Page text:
How We Met is a series where xoNecole talks love and relationships with real-life couples. We learn how they met, how like turned into love, and how they make their love work.
Anybody who's ever told you love at first sight was a myth was a damn lie and you can tell them Jasmine and Alex Sweet said it.
The couple initially met during their junior year of college and a decade and almost three years of marriage later, Jasmine and Alex are out here proving that Black love is alive and well in these streets and we love to see it. The duo, who make it their mission to honeymoon at least once a year, recently sat down with xoNecole and broke down the beginnings of their modern-day love story and explained that the secret to a successful long-term commitment is coming to the table as a whole ass person.
"Alex and I have always been pretty complete individuals. We didn't complete each other necessarily. We enhanced one another, and that's what made our situation unique," Jasmine shared. "We both worked really hard at who we were and appreciate each other for it. I think that's why we weren't afraid of the commitment. It was like, 'I got this because we got this!'"
"Alex and I have always been pretty complete individuals. We didn't complete each other necessarily. We enhanced one another, and that's what made our situation unique."
Despite spending months apart while chasing their dreams, the couple says that because they were focused on both their commitment to themselves and one another, they were able to pass every test with flying colors. "We were individually taking care of business to set ourselves up for each other. We weren't in a rush to get married. We were in a rush to prepare ourselves for life in general––job transitions, friends and family woes, but we were committed to each other. It was a soul tie that even we haven't been able to explain."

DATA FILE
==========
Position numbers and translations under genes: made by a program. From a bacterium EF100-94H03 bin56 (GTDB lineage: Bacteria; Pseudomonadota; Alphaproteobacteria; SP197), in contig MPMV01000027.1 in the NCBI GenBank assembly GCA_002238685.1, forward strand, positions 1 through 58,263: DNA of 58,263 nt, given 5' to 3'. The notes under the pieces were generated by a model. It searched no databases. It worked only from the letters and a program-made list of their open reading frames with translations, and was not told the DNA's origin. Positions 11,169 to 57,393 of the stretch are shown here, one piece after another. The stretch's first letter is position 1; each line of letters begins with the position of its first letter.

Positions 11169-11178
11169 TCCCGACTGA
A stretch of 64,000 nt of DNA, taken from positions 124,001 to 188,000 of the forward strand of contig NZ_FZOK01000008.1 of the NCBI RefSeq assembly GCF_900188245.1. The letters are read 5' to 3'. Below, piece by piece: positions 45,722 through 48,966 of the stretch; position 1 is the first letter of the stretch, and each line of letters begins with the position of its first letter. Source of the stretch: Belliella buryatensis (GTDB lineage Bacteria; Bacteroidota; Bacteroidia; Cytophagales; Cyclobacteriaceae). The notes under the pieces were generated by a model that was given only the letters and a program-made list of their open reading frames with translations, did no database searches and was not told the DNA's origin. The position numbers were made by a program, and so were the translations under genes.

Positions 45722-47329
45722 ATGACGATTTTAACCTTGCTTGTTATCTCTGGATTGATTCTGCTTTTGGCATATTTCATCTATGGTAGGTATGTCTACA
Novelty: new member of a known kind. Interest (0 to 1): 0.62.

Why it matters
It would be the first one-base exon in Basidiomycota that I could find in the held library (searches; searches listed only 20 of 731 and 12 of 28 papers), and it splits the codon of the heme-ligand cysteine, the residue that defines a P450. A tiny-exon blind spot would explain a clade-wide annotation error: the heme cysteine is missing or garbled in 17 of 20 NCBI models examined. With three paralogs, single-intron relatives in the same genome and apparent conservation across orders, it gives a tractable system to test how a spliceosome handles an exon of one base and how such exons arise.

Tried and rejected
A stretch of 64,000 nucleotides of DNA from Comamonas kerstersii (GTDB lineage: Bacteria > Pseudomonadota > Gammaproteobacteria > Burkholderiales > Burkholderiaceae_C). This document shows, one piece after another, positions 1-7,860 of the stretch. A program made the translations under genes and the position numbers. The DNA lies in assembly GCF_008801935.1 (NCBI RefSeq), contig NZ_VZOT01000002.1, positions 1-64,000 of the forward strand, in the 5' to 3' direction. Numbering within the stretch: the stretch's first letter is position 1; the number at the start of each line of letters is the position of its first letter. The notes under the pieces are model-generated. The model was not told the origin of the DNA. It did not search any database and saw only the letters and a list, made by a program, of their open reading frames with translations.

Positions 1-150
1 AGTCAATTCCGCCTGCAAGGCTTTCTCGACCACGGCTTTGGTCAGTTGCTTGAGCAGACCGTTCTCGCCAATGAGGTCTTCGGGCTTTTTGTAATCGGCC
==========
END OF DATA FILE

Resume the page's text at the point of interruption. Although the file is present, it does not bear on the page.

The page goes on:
We talked more with Jasmine and Alex about falling in love at first sight, becoming the best version of themselves for one another, and how they've made the last two years feel like a never-ending honeymoon.
Here's what we learned:
How They Met
Jasmine: We met in college at the University of Memphis. I was pledging Alpha Kappa Alpha and he was pledging Alpha Phi Alpha in 2009. They crossed before my line did, and I saw him at a university talent show. I was hosting the event when I saw him in the crowd. I'd been pretty active on campus in different leadership roles and had never seen him before.
Later, I found out he ran track! Athletes don't get out much! As he and his line brothers were strolling around the talent show, I told my line sisters, "I want the one no one knows!" (laughs) I'd been in college for three years and was convinced my husband was nowhere to be found until I saw Alex! Little did I know, he was from Memphis and well-known! But that didn't change my mind about him!
Alex: We met in college, officially at a restaurant near the campus of the U of M. The story of how we exchanged information, as well as our first dance, is a legendary story.
Jasmine: I loved him from the start! Alex is the epitome of his last name––SWEET! I honestly don't know how I got so lucky. He was suave and sweet at the same time and that intrigued me. Well-spoken! Gentle! Honest! Funny! Sooooo loving.